An eye-catching piece of folk art hangs above the bed in this eclectic guest bedroom. Painted shiplap walls, a woven wicker bed frame and natural window treatments add a touch of coastal style to the space.
To anchor the 15-foot-by-12-foot sleeping cabin in traditional country style, folk art—used in place of a headboard—draws the eye toward a queen bed outfitted with casual cotton linens. For a collected look, two different tables were used on each side of the bed instead of a matching pair. This is something interior designers do to make a space feel more one-of-a-kind.
Caitlin Murray of Black Lacquer Design used a vintage papier-mache vase in the Mexican folk art style of Gemma Taccogna on a tray. Glass bottles fill out the space without detracting from the vase’s vivid design.
This studio was designed as a workspace to create original artwork but also to showcase the client's art, artifacts and personal collections. While most of the furnishings in the room feel industrial, the lighted "Texas" sign brings a bit of folk art whimsy to the space. The rugged table and mismatched chairs provides a working surface for multiple people and projects, and pieces of modern art interjects color into the white room.
Graphic shapes and global details made this Southeastern Design Showhouse feel very of-the-moment. These folk art-evocative vases with their charming faces and the modern, graphic console table topped with a moody painting in shades of black give this loggia from Mitchell Hill a very on-trend modern-meets-artisanal feel.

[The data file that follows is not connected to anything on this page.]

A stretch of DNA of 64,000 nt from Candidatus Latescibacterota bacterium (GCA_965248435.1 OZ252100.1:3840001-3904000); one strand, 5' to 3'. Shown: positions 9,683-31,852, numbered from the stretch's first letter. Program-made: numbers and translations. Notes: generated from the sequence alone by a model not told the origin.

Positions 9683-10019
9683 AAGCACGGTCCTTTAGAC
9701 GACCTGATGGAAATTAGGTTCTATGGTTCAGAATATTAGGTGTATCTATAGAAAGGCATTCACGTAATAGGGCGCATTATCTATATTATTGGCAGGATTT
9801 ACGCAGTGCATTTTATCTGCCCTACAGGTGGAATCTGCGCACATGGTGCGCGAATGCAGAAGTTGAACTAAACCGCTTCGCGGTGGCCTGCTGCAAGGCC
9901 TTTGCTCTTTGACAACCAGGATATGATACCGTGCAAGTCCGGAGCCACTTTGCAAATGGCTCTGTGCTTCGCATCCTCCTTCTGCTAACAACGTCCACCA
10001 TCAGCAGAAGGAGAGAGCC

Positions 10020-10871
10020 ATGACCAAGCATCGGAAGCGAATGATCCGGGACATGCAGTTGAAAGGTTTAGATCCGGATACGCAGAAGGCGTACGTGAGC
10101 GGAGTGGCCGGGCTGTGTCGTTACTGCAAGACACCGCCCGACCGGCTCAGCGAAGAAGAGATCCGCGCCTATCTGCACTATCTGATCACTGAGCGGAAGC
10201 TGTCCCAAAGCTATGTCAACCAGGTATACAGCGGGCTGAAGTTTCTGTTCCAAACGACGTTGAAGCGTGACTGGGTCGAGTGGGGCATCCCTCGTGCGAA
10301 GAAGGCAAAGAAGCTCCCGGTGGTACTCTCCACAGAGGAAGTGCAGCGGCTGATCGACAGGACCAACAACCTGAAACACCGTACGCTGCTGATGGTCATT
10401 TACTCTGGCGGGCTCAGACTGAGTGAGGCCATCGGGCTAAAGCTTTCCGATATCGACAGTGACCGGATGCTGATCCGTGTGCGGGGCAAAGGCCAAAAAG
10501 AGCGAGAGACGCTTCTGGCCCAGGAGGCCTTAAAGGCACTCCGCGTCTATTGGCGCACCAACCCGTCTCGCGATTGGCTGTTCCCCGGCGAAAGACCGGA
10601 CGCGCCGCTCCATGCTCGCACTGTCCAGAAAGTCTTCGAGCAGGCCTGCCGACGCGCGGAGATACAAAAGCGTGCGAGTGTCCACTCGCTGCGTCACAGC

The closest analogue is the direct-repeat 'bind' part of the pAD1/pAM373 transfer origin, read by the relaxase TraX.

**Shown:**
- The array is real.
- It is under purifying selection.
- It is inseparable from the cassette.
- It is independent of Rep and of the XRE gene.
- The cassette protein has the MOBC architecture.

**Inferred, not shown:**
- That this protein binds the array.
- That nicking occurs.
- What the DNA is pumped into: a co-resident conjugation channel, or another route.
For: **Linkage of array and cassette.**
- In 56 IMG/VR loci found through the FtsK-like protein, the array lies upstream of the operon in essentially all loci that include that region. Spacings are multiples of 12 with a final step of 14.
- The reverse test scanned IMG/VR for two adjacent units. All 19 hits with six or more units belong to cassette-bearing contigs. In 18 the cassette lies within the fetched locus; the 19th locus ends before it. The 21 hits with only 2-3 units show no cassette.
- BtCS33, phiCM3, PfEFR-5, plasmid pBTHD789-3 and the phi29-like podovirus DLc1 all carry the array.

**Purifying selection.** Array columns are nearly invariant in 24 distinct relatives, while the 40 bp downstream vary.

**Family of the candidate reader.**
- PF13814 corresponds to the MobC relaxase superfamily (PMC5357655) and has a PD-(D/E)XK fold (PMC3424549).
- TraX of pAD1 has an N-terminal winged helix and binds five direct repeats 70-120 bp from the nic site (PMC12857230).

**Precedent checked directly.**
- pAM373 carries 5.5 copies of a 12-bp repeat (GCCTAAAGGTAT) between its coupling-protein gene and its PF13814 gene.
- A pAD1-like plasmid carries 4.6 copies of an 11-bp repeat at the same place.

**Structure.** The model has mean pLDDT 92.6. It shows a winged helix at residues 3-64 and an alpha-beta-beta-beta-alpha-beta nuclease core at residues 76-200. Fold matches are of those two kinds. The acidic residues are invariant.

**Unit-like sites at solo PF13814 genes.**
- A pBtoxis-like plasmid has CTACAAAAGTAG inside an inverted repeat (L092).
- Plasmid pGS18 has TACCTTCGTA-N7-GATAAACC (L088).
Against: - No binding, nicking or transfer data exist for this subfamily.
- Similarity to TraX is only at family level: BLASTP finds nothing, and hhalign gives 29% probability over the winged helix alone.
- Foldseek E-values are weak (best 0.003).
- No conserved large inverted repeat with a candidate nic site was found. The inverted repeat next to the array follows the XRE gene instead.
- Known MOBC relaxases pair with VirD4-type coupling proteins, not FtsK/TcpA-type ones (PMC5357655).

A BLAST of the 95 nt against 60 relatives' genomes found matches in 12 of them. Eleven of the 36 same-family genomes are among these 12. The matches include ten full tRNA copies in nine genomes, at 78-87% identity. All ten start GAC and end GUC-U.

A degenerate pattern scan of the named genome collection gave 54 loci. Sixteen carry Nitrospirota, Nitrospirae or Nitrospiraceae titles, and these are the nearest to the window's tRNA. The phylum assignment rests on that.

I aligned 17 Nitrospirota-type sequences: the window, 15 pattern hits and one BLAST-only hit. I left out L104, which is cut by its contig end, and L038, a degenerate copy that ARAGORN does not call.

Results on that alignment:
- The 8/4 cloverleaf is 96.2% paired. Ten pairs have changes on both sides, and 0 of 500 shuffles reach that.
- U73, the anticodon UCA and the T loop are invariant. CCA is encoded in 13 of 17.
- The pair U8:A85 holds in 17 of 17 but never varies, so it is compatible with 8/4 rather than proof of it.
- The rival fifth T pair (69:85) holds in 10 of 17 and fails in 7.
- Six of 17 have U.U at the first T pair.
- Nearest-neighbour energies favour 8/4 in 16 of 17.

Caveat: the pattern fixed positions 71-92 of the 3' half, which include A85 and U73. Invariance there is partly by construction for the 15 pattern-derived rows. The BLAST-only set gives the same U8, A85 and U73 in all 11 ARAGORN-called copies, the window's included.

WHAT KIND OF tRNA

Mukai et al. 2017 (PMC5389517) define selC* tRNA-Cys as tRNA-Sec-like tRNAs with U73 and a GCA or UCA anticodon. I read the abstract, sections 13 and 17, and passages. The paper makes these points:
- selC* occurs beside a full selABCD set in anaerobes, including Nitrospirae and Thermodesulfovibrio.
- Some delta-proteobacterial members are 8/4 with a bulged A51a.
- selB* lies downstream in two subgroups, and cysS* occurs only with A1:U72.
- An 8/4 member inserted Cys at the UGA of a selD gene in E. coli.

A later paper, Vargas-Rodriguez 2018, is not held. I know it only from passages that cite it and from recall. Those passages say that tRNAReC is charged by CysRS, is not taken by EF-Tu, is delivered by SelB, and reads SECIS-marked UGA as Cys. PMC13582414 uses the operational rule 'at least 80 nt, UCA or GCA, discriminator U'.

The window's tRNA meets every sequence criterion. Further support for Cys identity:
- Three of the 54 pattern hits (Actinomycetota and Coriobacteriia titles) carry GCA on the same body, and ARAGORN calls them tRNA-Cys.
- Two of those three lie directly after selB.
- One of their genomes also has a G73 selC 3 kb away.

Believe it or not, this is a kitchen in a Civil War-era home! The designer retained original elements of the house -- such as the wood beams and ceilings -- but added contemporary elements such as a plethora of cabinet space and a large, marble-topped kitchen island. A unique, painted folk art spring screen brings splashes of color to the room.
Soft yet strong, this family room combines elements of country living with a modern twist. The focal point of the room is the large folk art painting of Native American women that ties in with the dark woodwork of the room and its brick fireplace surround. Otherwise, the room features comfortable, cozy furniture with a more delicate color palette of green, blue and beige.
If you’re unsure what type of art is the best fit for your living room, try mixed-media pieces. Mixed-media art combines various genres, such as folk, abstract, photography and sculpture, to create something truly unique. Here, a piece by Courtney J. Garrett combines photography, paint and texture work to create a rustic vibe that’s also moody.
The folks at The Great Vermont Maze put gorillas in their corn field for their 2015 celebration of “15 years of cornfusion.” If you have ever experienced one of their intricate maze designs, then you’ll know what that means.
Corn mazes are especially popular with problem solvers and those who enjoy brain teasers but not everyone enjoys getting lost in a corn field so think twice before you enter one. You might not come out for hours. The folks at the Great Vermont Maze devised this especially tricky, dinosaur-themed corn maze for their 2014 event.